To put into perspective: Daniel weighs 10 stone (63 KG), so when he comes to Silverstone in his Red Bull in July, when he goes through the likes of Copse and Becketts pulling 5G, he will just for a moment be subjected to a force of 50 stone or 315 KG – that’s like having an African Lion or Bengal tiger smashing down on your head and body – if only for a split second…….
    Having witnessed the current crop experiencing that 5G of cornering load, it does make you appreciate just how fantastically strong, dedicated and committed drivers have to be to being able to attack Silverstone and its fast corners…………..
    Imagine what Montoya would have weighed when he pulled 5G eh? An African elephant??????

    1. Kyle says:

      They only pull that under breaking, for a split second. Its not really such a drama. Loads of sports take way more energy and comitment from the guys. Ever seen a F1 sidecar? A road race at the TT or a superkart race? The drivers are better now than they used to be but as interesting as dish water. Give me guy Martin any day. Max chilton is an example. Bla bla bla I finished the race…bla bla bla. Who cares you got lapped, twice, by half the field.

  5. NJB says:

    The FW16.. Now there’s a real F1 car.

    1. Jim says:

      The article is flawed, that is an FW18 from 1996. FW16 was the low nosed 1994 car that killed Senna.

    2. Chris says:

      Yep, I remember when Damon crossed the line to sow up the championship, was super emotional. Damon was one hell of a driver!!

      1. Hello says:

        The last part of this isn’t true.

      2. Chris says:

        How many world championships have you won? Damon started late, and him leaving the Williams team was the start of their downfall. He’s the second best driver at devleoping a car in the last 25 years, only behind MS. He was a 50p part away from winning in an Arrows, and was the driver that developed the Jordan into an almost championship winning car. Sure HHF was nearly the driver to deliver it, but Damon was the driver that developed that made it possible. He was super technical. I appreciate he had a very poor 95 (imo this was 94 catching up with him). I also appreciate there were more spectacular drivers out there, but they need a fast car under them to do their stuff.

      3. Gaz Boy says:

        Belgium 1998 was also great stuff!

  6. Harvey says:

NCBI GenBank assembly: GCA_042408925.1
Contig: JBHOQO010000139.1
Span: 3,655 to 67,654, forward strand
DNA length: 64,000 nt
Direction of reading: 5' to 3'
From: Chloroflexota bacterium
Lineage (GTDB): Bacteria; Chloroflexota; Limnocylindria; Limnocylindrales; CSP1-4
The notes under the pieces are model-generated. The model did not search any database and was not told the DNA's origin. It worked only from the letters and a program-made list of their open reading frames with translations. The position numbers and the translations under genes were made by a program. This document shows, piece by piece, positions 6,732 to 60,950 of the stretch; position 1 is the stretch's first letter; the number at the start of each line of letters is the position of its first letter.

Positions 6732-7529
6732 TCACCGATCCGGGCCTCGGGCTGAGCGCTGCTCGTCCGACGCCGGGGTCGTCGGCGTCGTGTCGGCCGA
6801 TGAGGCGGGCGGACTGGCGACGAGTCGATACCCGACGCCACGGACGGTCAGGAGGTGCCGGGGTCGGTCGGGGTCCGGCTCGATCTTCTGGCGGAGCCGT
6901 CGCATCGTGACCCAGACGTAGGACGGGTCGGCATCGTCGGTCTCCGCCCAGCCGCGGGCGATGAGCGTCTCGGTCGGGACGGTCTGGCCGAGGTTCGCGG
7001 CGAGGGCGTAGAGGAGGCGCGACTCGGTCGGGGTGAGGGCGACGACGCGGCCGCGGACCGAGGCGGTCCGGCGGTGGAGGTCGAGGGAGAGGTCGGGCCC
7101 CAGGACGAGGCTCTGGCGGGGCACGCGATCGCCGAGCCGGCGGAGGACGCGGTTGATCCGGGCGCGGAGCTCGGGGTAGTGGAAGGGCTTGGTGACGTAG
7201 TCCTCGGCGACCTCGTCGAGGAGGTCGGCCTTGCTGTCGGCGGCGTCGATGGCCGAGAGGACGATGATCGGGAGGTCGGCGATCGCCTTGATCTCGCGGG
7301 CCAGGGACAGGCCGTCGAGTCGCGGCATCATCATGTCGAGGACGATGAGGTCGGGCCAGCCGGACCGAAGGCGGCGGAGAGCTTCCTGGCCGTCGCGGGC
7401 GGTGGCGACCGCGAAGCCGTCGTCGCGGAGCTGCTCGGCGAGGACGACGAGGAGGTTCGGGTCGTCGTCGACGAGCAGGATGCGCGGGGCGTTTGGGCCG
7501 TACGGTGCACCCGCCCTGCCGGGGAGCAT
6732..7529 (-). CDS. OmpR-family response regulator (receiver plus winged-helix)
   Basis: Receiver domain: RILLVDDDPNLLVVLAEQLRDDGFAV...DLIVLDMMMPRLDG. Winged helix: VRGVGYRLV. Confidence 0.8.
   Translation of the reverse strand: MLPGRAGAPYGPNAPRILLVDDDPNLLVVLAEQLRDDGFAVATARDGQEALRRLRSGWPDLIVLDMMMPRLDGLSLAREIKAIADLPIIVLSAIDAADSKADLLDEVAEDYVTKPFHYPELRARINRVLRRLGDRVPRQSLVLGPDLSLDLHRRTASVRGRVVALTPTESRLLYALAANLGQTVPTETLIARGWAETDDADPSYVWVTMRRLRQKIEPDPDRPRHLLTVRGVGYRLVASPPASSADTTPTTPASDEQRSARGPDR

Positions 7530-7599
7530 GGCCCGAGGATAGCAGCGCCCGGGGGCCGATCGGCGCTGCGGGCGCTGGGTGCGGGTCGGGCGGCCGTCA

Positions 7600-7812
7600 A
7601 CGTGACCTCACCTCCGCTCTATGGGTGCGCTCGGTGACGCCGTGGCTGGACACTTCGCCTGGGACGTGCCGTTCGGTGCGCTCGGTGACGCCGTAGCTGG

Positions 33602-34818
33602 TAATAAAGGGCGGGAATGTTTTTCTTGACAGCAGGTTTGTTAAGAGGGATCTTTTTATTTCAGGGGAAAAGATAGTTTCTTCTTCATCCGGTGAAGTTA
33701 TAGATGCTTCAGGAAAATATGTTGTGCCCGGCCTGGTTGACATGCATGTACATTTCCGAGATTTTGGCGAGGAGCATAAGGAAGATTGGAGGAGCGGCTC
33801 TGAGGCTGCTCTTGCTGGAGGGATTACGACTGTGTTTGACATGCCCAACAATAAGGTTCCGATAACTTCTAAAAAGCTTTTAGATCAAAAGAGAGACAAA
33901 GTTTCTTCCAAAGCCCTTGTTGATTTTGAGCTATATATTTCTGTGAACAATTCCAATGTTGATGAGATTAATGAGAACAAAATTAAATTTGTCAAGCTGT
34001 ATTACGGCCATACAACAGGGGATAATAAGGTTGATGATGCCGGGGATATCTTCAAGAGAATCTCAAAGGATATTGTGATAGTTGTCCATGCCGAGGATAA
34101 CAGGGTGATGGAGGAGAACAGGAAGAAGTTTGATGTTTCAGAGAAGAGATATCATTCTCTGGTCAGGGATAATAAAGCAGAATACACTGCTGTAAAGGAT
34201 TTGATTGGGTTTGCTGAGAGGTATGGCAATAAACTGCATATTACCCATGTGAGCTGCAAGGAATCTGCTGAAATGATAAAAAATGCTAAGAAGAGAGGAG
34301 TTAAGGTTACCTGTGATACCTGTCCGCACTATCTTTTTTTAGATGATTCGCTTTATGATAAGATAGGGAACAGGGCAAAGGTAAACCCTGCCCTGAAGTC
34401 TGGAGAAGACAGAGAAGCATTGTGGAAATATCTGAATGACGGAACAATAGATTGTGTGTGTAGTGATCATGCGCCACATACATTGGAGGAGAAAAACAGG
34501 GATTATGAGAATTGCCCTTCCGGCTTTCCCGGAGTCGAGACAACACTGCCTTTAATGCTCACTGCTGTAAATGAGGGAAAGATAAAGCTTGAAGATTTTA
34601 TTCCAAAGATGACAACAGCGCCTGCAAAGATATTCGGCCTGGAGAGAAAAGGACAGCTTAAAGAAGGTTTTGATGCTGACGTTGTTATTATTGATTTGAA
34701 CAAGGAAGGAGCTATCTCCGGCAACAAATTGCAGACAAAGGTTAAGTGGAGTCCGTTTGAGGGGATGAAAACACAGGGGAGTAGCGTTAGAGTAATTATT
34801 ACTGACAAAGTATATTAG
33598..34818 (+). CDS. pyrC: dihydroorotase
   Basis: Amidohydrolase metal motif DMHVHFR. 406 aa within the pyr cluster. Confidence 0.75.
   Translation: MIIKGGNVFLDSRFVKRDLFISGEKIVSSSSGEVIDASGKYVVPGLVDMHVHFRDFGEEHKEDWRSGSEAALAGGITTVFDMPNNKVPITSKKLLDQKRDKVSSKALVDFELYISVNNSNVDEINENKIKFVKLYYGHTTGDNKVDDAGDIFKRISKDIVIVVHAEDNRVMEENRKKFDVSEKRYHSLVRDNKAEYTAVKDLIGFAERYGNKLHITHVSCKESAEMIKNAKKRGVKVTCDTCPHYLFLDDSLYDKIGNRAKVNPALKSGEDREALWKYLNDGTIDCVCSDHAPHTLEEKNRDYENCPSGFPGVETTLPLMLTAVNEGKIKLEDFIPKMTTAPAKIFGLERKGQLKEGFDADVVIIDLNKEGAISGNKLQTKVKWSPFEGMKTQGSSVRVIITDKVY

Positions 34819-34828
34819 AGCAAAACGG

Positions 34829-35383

Silverstone, one of a kind, not only the track but the British fans that come out for the weekend. From a USA fan’s perspective, just driving past the hedges and grazing sheep getting to the track gave me goosebumps. Spectacular views from many locations and the ability to get reasonably close to the catch fences. Thanks to GroJo for mentioning the engine noise, eh Todt?

  7. Laurence H says:

    That Re40 is just beautiful!!! I love that car. That is all.

    1. Gaz Boy says:

      Beautiful – but potentially lethal.
      If you look carefully at the photo above, you’ll notice the forward mounted driving position, with the drivers feet/ankles located ahead of the front axle as all grand prix cars from early to late 80s were. Pedal box ahead of the front axle? What about protection for the drivers feet/legs in a head on crash?
      Unfortunately, the likes of Clay Regazzoni, Didier Pironi, Jean Pierre Jabouille, Johnny Cocetto and Jacques Laffite all suffered massive leg injuries from a head on collision with the barriers that forced them to retire after their accidents or just a while after. Regga also suffered from spinal injuries that confined him to a wheel chair, while Martin Brundle broke his legs in a head on crash (at Dallas I think) that even to this day leave him with a slight limp.
      Thank goodness in the late 80s the FIA mandated the rule that the drivers feet must be located BEHIND the front axle – without doubt that rule saved many drivers from the pain of shattered legs/feet (although Michael and Panis were the unlucky ones).